Youth charity High Wire Trust - where Corporal Willie Apiata, VC, is soon to start work - is run by Tina Grant, widow of Corporal Doug Grant who was killed in Afghanistan last year.

Apiata, 39, will teach confidence life skills to at-risk kids aged 15 to 18 who are looking to break the negative cycle. The trust's outdoor pursuits centre in Papakura is not far from SAS headquarters. Moving on from the military into civilian life was a decision, he said in a statement, "not taken lightly".

It's something Sergeant Tina Grant knows all too well. Her 41-year-old husband Doug, whom she served alongside at Linton Military Camp, was killed in SAS action last year rescuing civilians.

"Speaking for myself, I will never completely cut ties with the force because of my husband," she told The Diary.


Grant will work for the trust full-time from October and, like Apiata, will transfer into the Reserves. An acclimatisation phase is par for the course. "There is a resettlement period when you exit the system. You get placed into a sort of civilian work experience," she said.

Grant believes her friendship with Apiata and his wife, army cook Sade Waikato, did not have a bearing on the VC holder leaving the SAS and moving to the charity she runs.

"We are great friends. I see them all the time and Willie plays with my kids, but we don't talk about work," Grant said.

"Willie and his wife are good people. They're genuine, honest and want to work hard for their community. They are educators. They believe in shaping the futures of young people," she said.

Grant says kids queue each day to come to the trust. "They are knocking on the gate to get in. They want to be here. It's safe. There's no put-downs, no bullying."

Kids pay $5 a week and get free food and clothes. Army uniforms are provided - but not from the NZDF.

"We purchase them ourselves," she said.

Prime Minister John Key says the country's only living recipient of the Victoria Cross will leave big shoes to fill as he exits the SAS. "The VC speaks volumes of the man who will be missed by his colleagues," Key told The Diary. No mention was made of whether Defence Force bosses will miss their poster boy.


He was tasked with promoting Batman film The Dark Knight Rises, but actor Morgan Freeman endorsed our country, too.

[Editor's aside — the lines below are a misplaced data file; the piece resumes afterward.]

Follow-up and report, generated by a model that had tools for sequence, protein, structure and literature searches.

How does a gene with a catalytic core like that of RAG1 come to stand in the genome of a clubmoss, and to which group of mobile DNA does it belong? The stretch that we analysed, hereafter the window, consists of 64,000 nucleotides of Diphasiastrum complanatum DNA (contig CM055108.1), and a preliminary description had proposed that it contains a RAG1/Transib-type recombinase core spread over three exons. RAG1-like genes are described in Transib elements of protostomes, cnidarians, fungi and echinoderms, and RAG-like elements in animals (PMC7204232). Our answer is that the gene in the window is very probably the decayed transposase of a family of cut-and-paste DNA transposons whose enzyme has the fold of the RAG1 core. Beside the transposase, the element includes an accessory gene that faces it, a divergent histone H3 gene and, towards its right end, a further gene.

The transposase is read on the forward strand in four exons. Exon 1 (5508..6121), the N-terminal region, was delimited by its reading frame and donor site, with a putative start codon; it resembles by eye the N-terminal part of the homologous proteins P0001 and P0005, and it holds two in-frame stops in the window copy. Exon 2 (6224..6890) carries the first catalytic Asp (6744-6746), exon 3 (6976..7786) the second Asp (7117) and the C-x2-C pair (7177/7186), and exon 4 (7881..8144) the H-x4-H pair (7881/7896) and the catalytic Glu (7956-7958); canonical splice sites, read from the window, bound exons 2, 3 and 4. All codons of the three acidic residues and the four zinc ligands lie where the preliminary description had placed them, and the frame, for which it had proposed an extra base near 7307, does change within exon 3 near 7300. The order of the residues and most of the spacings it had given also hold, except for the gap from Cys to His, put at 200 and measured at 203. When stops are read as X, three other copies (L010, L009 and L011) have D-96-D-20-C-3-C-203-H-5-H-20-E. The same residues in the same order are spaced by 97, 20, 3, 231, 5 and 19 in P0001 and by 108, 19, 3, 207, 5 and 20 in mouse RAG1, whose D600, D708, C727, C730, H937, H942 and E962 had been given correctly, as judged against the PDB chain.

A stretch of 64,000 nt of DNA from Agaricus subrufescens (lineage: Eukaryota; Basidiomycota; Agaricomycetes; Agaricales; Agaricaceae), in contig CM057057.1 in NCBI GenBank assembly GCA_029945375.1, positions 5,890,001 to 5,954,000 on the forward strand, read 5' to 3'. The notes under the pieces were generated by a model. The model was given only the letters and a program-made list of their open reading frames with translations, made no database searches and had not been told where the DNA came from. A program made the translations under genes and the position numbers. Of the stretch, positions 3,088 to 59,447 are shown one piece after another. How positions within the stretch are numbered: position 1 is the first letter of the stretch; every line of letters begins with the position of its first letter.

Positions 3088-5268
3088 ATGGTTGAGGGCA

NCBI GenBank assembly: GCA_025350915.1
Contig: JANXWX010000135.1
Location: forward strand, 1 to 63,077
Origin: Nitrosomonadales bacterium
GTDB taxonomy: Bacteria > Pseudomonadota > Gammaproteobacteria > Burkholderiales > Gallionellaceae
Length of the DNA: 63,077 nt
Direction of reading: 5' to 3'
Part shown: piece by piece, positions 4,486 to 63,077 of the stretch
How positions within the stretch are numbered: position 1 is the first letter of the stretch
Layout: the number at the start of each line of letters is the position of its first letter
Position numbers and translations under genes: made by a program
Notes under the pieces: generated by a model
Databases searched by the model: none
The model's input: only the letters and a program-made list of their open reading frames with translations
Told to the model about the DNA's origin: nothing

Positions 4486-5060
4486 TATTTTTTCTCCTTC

This week on The Late Show with David Letterman in New York, Freeman, who played Nelson Mandela in the rugby film Invictus, brandished a well-worn New Zealand cap.

The week before, he sported it in LA during promotional media interviews.

Has 75-year-old Freeman become a sartorial spokesman for Godzone?

He evaded Letterman's questions about the cap. "You're wearing a cap from New Zealand. Rugby World Cup. Are you a rugby fan?" the host asked.

"No," the star replied.

All Blacks media manager Joe Locke said there's no doubt Freeman "was exposed to the team, and what we are about, when he was filming [Invictus] in South Africa".


Like fine wine, some men get better with age.

TV3's Olympics-bound news anchor Mike McRoberts, 46, has been affectionately dubbed McSilverFox for embracing the salt and pepper look.

A TV3 insider wryly calls him "50 Shades of Grey".

McRob - who's been known to practise his Blue Steel pose while Hilary Barry reads the news - will head up an experienced team of eight reporting from London.

Meanwhile, his rival over at TV One, Simon Dallow, 48 - who will lead a six-person TVNZ team at the Games - is evidently sporting a more, er, sun-kissed crop.

It prompted one Twitter snitch to bitch: "McRoberts wears the silvery look well, much better than Dallow's new do."


He's used to grilling her in Parliament and she's used to defending her patch, but on August 10 Social Development Minister Paula Bennett and political editor Duncan Garner will play on the same team. They're hosting the Eden Park Hall of Legends fundraising lunch and quiz - and already the quips are coming quick and fast.

"It will be fun to ask the questions instead of answering them," Bennett told The Diary. "Duncan and I will be like a modern-day Selwyn Toogood and Tineke Bouchier - only shorter and not so nice."

Garner says they've played a double act before. "We MC'd a wedding together. I call her 'Paula Benefit' and she calls me 'Guyon Espiner'."

They won't be the only quick wits attending. A slew of celebrity big-names are going, including the aforementioned Espiner, Martin Snedden, Mark Sainsbury, Winston Peters, Stu Wilson, Joe Stanley, Jim Kayes, AJ Whetton, Jayne Kiely, Martin Devlin, Bill Ralston and others. They're all eager to win the coveted sports and history quiz competition.

The competitive spirit is heating up. "I've looked at the competition and I can say confidently that they're all playing for the silver medal," Devlin said with bravado.

Sainso retorted: "Devlin's been boasting that he will clean up. I wondered if he'd read that it's a sport AND history quiz. Then I thought how cruel of me, of course he hasn't."

Profits go to the Eden Park Hall of Legends which hosts some of our most important sporting memorabilia.


An American bartender in Queenstown was clueless when the Flight of the Conchords came to town. A reader overheard the following conversation:

American barman: "G'dday buddy, what can I get you?"

Bret McKenzie: "Two beers thanks."

AB: "So, what'ya been up to tonight, mate?"

BM: "Oh, I was just at the Flight of the Conchords."

AB: "Oh yeah, I heard about that, what were they like?"

BM: "Oh they were great - I really enjoyed it!"